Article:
CD: Kano - Made In The Manor | reviews, news & interviews
CD: Kano - Made In The Manor
CD: Kano - Made In The Manor
The grime pin-up returns to his roots
Ten years after his debut album, the former N.A.S.T.Y Crew MC from East Ham has produced a distinctly British album. It’s probably his best yet. Kano has skirted the fringes of mega success and previous albums have been criticised for chasing hits and the American Dream rather than staying true to his own style. Now, he’s returned to what he knows, creating a series of polaroid snapshots of himself and what made him.
Made In The Manor talks about the streets he grew up on ("A Roadman's Hymn"), his mates ("Strangers"), his family ("Little Sis"), the trappings of fame and the reality of living the high life.
He blames blaming the postcode for part of the struggle
It’s the recognisably British tracks that are the best. "Hail" opens with a chiming bell and pretty heavy rock base telling us, "This ain't no RP cup of tea music, it's real East End theme music". A chilled soundscape unfolds with references to Colgate grins, toffee apples by the sea, Space Invaders and Wagon Wheelers. "T-Shirt Weather In The Manor" tells how you’ve "Gotta love London in the summer", while the catchy "Drinking In The West End" with its pinging bassline shows you how to live for the weekend. It keeps Kano’s technique and flow but is upbeat, positive. Then there’s "This Is England", where "you could be a villain or a victim". Sonically it has a pleasing, ballady chorus, lyrically it’s inspiring without being condescending.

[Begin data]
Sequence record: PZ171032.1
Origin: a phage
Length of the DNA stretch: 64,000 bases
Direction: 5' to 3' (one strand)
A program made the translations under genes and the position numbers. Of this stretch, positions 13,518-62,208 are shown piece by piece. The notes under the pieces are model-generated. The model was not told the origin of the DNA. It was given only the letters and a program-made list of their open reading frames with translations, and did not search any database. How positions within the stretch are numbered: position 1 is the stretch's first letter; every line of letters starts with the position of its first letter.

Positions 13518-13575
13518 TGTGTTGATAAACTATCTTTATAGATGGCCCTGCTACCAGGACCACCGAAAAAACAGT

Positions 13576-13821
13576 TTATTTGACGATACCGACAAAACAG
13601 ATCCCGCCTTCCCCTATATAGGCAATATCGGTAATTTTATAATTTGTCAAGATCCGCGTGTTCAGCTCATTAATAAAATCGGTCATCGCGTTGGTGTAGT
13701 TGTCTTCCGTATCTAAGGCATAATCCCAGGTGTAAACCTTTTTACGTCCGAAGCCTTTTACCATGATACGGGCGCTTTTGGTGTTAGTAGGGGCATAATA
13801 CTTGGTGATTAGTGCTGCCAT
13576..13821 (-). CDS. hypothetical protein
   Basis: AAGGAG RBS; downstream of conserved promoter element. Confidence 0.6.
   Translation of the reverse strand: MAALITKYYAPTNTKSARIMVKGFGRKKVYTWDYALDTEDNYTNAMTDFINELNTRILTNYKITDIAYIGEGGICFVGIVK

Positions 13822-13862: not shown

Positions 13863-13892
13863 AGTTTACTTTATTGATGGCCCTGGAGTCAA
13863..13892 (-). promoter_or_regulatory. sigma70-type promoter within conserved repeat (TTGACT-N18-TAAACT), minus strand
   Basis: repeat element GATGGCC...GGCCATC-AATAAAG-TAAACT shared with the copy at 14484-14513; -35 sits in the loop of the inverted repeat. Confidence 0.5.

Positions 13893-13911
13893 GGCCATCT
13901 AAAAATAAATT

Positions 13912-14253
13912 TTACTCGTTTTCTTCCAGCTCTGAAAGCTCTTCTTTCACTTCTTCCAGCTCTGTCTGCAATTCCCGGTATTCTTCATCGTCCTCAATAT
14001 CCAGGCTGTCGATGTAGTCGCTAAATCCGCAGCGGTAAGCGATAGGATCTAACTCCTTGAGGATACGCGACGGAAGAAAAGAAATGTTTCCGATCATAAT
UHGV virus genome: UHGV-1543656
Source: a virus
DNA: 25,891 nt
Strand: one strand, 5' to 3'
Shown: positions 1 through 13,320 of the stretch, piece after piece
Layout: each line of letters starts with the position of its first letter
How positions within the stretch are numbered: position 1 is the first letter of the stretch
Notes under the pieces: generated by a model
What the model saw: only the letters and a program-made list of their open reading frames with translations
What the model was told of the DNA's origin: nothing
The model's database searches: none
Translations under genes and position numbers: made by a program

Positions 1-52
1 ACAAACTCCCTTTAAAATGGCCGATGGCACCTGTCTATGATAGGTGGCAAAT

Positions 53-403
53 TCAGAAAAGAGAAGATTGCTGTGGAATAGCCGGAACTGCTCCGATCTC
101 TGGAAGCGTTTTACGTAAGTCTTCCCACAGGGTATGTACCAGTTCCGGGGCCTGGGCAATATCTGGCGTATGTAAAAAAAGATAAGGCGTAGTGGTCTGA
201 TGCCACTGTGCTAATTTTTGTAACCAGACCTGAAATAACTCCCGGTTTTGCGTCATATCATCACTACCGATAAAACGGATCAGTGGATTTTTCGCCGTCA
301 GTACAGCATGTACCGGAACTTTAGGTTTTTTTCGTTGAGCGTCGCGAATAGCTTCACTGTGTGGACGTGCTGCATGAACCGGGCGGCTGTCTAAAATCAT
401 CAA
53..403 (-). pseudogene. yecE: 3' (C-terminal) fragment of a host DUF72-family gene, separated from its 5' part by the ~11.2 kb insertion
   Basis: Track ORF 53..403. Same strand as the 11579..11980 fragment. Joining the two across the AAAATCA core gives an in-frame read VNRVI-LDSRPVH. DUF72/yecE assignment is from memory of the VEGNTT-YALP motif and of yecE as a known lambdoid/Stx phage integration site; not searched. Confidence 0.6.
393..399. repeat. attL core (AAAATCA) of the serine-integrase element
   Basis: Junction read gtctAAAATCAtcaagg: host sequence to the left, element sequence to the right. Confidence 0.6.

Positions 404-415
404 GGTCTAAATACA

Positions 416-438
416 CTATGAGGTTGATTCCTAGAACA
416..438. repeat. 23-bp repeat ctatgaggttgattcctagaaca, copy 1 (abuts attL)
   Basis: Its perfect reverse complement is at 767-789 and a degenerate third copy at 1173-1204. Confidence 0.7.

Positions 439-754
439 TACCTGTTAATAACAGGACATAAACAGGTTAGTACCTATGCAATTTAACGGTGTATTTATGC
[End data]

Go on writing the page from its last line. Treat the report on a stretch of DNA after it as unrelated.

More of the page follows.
"New Banger" has the rat-a-tat drums of a marching band combined with the garage grime of a big club anthem while "3 Wheel-ups" featuring Wiley & Giggs is a deep, shoulder-hunching nodder. The collaboration with Damon Albarn, "Deep Blues" has a noticeably different sound of electro waves and alternative ambiance.
"A Roadman's Hymn" is another landscape track. It’s BMX’ing through the streets of London, seeing kids looking up to gangsters as if they’re superheroes, watching people get caught up in the system, dreaming of getting out of the struggle and popping champagne in Camden to escape from it all. Kano puts on his MC voice for "Seashells In The East", where "there ain't no pier and no rock here but most of your peers will sell rocks here". He blames blaming the postcode for part of the struggle and quips "if you ain't dreaming then you ain't living". He scribes a warning that "There's still a war going on inside of a defeatist mind" – cautioning others not just to be a statistic, but to fight to be the minority that make it out.
Lyrically Kano’s as good as he’s always been, sonically his flow is good and there are a few killer hooks to get addicted to. But Made In The Manor is more rounded and grounded, there’s less darkness, less anger than before. These personal reflections – the metaphorical and physical journeys around his hometown – give an overview of the man of the manor. In this album, Kano is speaking his truth as an artist. Maybe this is finally his moment.
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